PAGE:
Sometimes it’s better to swallow your pride and copy

The traditional principles of strategy dictate you should strive to be distinctive from your competitors and separate yourselves from them in the minds of your customers.

Dollar-shave – the online home delivery shaving company- is clearly distinctive to the number one shaving company Gillette which sells through stores. And dollar-shave has used this distinctiveness ( and the resulting lower price) to carve s profitable niche in men’s shaving.

Gillette has- up until now- stuck to its traditional business model but with declining success.

Gillette has been facing stiff competition. Now, in an effort to win back customers, it has started to copy its competitors.

After slashing prices across the board and launching a marketing campaign called “Welcome Back,” Gillette has now introduced a new way to buy blades directly from the company.

Called Gillette On Demand ( , the service mimics the direct-to-consumer models of competitors like Harry’s and Dollar Shave Club. It allows customers to either buy blades as needed or build a custom subscription.

Three of Gillette’s products are offered as part of the service, acting as three separate tiers: disposable Sensor 3 razors ($11 for eight razors), the tri-bladed Mach3 turbo ($13 for five refills), and the top-of-the-line Gillette Fusion Proshield ($21.45 for four refills).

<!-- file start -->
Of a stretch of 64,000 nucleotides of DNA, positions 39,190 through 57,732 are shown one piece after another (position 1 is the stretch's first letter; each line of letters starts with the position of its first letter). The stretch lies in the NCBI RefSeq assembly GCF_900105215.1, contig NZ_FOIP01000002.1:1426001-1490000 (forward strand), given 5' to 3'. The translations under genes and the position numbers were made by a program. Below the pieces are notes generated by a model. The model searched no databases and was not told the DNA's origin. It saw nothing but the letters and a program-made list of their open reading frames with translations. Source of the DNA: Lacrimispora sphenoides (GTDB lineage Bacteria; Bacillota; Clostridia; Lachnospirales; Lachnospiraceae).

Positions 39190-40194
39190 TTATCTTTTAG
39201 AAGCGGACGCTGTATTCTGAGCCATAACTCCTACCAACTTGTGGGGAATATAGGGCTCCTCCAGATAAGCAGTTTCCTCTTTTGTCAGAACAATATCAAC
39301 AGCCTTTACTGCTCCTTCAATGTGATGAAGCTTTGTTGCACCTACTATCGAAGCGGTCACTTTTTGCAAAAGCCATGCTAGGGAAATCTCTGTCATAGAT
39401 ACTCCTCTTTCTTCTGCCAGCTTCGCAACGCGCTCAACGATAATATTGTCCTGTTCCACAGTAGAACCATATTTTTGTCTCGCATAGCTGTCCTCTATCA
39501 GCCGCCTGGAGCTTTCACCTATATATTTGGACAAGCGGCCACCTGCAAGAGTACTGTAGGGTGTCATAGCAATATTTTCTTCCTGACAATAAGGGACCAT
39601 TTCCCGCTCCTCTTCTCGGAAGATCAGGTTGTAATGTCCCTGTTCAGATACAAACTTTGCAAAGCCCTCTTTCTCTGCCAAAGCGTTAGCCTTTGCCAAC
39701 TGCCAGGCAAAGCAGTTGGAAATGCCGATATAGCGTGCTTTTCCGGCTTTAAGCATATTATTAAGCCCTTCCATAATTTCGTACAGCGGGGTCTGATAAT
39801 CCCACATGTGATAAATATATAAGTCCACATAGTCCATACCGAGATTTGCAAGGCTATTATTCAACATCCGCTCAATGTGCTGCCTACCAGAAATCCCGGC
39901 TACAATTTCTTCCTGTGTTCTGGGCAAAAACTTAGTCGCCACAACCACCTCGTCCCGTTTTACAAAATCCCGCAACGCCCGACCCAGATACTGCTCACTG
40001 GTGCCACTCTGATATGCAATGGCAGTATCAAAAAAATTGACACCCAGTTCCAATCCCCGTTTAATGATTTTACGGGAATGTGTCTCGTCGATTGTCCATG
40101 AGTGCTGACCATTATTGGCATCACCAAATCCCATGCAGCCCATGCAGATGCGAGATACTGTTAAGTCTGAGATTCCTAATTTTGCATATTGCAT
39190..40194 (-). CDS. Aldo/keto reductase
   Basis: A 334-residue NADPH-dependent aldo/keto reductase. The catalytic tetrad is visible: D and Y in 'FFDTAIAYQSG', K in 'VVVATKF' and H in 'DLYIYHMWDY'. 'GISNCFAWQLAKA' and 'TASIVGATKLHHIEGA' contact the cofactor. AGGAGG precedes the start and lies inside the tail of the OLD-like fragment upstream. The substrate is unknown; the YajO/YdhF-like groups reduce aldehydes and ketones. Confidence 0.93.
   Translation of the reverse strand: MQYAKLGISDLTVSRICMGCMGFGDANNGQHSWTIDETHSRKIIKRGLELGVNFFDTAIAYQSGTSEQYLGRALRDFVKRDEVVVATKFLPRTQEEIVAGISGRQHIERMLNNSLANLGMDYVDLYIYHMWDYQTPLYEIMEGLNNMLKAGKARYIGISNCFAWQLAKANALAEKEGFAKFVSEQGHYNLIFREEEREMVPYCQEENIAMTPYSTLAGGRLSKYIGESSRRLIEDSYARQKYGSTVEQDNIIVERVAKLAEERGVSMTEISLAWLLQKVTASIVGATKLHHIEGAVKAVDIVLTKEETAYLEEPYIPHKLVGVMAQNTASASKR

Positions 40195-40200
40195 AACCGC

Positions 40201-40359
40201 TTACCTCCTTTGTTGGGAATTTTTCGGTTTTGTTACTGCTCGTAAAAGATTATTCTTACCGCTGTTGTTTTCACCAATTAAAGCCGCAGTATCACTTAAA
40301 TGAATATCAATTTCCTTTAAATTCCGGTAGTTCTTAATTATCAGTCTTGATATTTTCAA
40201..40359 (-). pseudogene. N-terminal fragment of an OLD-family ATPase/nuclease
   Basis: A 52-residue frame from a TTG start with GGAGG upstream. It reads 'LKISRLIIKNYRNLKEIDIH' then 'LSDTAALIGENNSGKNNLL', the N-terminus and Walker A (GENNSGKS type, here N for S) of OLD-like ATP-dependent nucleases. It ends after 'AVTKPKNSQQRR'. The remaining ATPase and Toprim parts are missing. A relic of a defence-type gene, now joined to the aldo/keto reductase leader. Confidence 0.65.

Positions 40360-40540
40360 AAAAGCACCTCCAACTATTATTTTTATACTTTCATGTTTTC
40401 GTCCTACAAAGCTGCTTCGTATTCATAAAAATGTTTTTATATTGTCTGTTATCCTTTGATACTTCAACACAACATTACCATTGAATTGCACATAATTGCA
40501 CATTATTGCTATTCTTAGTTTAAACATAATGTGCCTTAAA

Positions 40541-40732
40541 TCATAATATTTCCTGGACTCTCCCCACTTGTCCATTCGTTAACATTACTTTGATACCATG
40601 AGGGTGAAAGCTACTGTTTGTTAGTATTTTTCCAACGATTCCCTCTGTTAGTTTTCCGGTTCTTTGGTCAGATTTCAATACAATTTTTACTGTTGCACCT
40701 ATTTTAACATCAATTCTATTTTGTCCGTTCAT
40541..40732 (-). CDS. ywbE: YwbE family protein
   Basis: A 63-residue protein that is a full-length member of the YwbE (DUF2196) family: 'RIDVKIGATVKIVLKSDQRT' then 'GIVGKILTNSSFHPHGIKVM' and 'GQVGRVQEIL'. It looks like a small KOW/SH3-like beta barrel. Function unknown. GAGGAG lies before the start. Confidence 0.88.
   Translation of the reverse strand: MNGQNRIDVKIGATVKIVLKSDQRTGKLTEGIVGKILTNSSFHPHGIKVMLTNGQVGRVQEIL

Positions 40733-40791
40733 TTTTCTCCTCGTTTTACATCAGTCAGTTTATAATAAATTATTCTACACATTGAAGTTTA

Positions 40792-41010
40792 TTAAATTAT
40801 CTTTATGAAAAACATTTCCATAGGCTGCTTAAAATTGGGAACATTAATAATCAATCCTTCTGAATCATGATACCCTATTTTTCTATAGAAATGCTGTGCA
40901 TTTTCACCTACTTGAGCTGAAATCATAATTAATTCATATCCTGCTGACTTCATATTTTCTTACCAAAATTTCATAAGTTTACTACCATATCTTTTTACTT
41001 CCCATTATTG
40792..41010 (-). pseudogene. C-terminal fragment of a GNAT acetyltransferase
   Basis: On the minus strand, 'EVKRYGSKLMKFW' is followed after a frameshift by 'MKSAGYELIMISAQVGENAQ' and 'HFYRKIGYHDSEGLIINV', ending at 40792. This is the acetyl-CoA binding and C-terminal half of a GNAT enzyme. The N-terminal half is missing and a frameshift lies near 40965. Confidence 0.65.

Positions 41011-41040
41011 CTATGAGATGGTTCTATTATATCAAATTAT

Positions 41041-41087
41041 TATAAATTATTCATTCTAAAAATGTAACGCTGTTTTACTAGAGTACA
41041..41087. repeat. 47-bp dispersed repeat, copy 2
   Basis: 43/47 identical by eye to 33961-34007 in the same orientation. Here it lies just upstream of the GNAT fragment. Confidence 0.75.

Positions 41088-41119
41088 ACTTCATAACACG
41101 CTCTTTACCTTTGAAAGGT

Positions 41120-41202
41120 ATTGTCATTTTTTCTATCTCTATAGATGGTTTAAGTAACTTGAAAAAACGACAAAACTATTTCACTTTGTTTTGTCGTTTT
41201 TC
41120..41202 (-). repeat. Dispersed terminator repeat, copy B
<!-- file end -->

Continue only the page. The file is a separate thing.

Subscribers are rewarded for their loyalty with their fourth order free, while others can text or email the company at any time to order for a one-time purchase.

Gillette is increasingly feeling the threat from startups like Harry’s and the now Unilever-owned Dollar Shave Club, which are eating away at its dominance in the global men’s-razor business.

Gillette claimed a US market share of 70% as recently as 2010, but it fell to 54% in 2016, according to the Wall Street Journal , which cited data-tracking firm Euromonitor.

Harry’s and Dollar Shave Club now combine for a 12.2% market share, up from 7.2% in 2015, according to Euromonitor.